DISCUSSION: The author calls the novel “anti-domestic” to disagree with the critics, and to show that Jacobs really did write a revolutionary work, despite its superficial similarity to conventional domestic novels.
- Huh? The protagonist is human…why wouldn’t she be upset she was separated from her family? In any case, the passage never mentions this.
- Not true. The protagonist did want the same things as free women. But she faced many obstacles because she was a slave.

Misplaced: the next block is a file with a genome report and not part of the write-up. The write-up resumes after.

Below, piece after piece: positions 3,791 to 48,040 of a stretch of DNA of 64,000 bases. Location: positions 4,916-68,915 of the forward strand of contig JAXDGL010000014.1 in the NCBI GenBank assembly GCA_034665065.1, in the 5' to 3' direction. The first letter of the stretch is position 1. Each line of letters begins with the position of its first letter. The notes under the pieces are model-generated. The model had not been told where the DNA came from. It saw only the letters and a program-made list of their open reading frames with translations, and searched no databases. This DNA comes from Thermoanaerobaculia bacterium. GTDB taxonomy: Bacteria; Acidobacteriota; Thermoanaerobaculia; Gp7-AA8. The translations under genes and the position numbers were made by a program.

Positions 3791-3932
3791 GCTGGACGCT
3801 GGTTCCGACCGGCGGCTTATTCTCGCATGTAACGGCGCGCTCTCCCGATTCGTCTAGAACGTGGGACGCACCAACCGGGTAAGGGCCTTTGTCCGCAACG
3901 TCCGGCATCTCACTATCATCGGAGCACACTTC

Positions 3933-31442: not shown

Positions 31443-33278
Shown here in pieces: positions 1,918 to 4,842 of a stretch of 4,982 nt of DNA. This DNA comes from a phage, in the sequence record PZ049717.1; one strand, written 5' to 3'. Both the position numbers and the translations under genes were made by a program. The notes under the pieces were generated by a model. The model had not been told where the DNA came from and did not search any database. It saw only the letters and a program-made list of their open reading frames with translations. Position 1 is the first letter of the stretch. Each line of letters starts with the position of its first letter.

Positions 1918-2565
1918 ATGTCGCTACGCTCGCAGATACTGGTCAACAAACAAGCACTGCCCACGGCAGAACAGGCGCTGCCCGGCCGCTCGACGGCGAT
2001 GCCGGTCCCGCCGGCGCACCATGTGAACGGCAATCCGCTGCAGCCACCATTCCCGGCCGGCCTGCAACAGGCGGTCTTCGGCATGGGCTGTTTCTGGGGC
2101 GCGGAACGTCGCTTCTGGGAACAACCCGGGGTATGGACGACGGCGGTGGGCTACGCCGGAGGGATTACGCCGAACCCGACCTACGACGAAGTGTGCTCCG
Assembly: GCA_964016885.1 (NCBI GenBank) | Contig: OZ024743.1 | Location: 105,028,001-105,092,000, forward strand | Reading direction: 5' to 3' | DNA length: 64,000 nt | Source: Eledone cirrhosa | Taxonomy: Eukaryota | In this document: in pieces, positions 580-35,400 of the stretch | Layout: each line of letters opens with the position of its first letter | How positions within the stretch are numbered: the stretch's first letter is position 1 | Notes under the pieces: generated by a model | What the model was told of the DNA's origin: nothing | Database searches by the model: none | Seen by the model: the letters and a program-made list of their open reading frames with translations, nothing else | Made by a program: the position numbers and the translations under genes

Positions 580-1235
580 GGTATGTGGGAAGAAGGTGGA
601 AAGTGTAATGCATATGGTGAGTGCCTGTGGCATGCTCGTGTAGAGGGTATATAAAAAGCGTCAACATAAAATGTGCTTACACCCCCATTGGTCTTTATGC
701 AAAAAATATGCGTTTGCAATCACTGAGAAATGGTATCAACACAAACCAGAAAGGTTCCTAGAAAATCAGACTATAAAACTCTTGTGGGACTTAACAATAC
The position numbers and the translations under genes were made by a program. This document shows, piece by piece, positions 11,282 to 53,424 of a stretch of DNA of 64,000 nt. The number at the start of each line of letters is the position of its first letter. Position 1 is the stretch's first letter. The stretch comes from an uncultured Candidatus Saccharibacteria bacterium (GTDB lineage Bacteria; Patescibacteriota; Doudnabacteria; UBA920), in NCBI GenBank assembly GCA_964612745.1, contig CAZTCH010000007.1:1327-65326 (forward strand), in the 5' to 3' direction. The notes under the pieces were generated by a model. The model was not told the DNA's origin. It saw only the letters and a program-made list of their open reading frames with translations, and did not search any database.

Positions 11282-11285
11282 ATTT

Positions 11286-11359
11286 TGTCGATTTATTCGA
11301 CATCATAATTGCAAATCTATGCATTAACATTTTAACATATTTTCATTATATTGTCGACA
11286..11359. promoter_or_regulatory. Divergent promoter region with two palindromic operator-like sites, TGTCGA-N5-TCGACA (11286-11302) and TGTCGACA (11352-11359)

- CORRECT. See lines 31-35. It’s hard to apply domestic values to someone who faces the difficulties of being a slave.
- Where is this mentioned? It’s hard to see why the protagonist’s life would be any easier if she had given up on love. She would still have been a slave…
- Similar to D. The passage doesn’t say the protagonist would have been better off if she had given up on love and family (domestic values).
Want a free Reading Comp lesson?
Get a free sample of the Reading Comprehension Mastery Seminar. Learn tips for solving RC questions